Although the Reverend Edwards addresses respectable, church-going people, he uses parallelism to impress upon them that they are, nevertheless, "abominable" in God's sight. In his sermon, Edwards's graphic descriptions and parallel structures that repeat and emphasize ideas help to exaggerate his views of the dangers of eternal damnation. Such rhetorical devices strengthen his efforts to sway his audience.

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In order to understand how Jonathan Edwards uses parallelism, one must first understand the context of the piece.  First, this text is a sermon, an oral piece meant to be heard, not read.  So speakers use particular techniques to aid their listeners in remembering the message being presented.  Parallelism is one of those techniques (along with repetition and imagery).  

Second, Edwards uses parallelism for different purposes for his message.  For instance, Edwards proclaims to the church congregation: "The Wrath of God burns against [the unconverted], their Damnation don’t slumber, the Pit is prepared, the Fire is made ready, the Furnace is now hot, ready to receive them, the Flames do now rage and glow."  Here, Edwards is describing, metaphorically, to his audience about the imminent danger that is God's wrath and the fires of Hell.  By listing all the ways that the unconverted are nearing their doom, he is emphasizes the urgency for sinners to change their ways.

Another way that Edwards uses parallelism is through the logical appeal.  Because Edwards wants to convince his audience to convert immediately to a more Christian life, he must not just scare them into converting but also convince them through rationalization: "The bigger Part of those that heretofore have lived under the same Means of Grace, and are now dead, are undoubtedly gone to Hell: and it was not because they were not as wise as those that are now alive: it was not because they did not lay out Matters as well for themselves to secure their own escape."  In this example, Edwards gives evidence as to how those who appear on the outside to be good and holy are not necessarily saved from God's wrath.  This evidence may not be proven factually, but because the congregation is comprised of believers who invited Edwards to preach to them, then he will convince them with this logic.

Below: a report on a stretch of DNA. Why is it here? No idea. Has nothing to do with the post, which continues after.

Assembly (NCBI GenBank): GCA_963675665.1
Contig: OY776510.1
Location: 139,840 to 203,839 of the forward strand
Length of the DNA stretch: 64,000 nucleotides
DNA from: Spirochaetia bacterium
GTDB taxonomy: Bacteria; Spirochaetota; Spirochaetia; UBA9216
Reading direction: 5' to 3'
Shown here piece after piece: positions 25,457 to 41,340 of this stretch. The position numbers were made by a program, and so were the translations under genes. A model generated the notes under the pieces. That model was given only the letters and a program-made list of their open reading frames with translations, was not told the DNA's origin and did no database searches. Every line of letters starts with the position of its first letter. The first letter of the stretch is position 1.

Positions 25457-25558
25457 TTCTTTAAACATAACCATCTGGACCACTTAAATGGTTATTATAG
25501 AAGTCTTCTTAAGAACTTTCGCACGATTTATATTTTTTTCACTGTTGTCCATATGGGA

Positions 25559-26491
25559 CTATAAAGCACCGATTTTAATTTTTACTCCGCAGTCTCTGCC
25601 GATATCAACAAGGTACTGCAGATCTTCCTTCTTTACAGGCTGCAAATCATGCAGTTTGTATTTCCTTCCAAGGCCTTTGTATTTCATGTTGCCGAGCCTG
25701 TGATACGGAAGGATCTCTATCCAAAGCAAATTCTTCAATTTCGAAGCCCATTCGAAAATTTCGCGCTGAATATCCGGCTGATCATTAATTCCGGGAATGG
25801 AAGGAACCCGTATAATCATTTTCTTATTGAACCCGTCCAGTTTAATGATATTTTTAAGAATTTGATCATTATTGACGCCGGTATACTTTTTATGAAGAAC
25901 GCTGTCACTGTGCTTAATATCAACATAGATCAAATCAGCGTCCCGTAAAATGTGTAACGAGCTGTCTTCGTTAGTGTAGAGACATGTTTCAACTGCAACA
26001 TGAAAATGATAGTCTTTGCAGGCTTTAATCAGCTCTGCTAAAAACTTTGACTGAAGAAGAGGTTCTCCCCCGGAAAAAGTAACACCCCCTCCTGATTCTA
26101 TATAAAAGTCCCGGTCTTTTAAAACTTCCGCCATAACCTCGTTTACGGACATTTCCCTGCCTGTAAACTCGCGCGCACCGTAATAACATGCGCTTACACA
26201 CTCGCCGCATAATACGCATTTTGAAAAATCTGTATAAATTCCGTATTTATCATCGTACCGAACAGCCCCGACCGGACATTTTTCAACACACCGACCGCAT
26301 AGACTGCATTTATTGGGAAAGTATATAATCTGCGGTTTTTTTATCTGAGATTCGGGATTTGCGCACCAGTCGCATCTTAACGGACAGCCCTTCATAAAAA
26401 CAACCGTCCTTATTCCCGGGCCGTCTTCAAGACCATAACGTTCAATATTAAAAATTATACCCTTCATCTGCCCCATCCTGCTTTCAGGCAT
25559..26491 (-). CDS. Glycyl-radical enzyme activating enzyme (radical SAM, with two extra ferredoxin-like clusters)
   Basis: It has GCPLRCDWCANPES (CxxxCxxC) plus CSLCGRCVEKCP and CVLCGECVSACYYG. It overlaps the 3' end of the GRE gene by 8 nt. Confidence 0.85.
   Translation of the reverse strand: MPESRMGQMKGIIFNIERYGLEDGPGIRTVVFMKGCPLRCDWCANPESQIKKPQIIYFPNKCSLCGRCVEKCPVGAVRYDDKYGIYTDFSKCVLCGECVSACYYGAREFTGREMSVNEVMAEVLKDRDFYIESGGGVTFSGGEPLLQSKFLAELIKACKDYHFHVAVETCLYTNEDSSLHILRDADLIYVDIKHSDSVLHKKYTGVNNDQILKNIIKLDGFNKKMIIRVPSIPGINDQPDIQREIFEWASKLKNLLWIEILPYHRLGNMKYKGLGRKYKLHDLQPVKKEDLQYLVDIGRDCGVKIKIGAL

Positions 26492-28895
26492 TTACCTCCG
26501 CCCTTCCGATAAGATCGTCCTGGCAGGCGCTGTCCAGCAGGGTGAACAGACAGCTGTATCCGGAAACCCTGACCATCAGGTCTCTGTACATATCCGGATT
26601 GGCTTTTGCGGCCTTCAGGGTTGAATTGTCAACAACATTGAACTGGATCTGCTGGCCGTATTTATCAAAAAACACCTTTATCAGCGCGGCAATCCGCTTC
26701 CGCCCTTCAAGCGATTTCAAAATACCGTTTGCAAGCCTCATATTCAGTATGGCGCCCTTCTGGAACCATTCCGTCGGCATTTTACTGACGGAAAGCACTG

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How does Jonathan Edwards use imagery in "Sinners in the Hands of an Angry God"?

Jonathan Edwards's use of imagery in "Sinners in the Hands of an Angry God" is primarily intended to make his message more striking and urgent. Edwards achieves this by using simple objects and situations with which his hearers would have been familiar and building metaphors and similes from them. He describes God holding the sinner over the pit of hell as being like a person who is about to throw a spider into a kitchen fire. This is a vivid, clear comparison which drives home the message of how precarious the sinner's position is, since it is far more likely that someone holding a spider over a fire will let it fall into the flames than it is that they will have a change of heart and decide to rescue it.

The same effect is accomplished by the image of divine justice setting an arrow to a bowstring and aiming it at the sinner's heart. The image is a familiar one, and the sense of danger is palpable. The archer aiming at a target hardly ever decides not to shoot after all unless something unusual happens. By far the most likely outcome is that the shot will be fired, and divine justice will not miss the mark.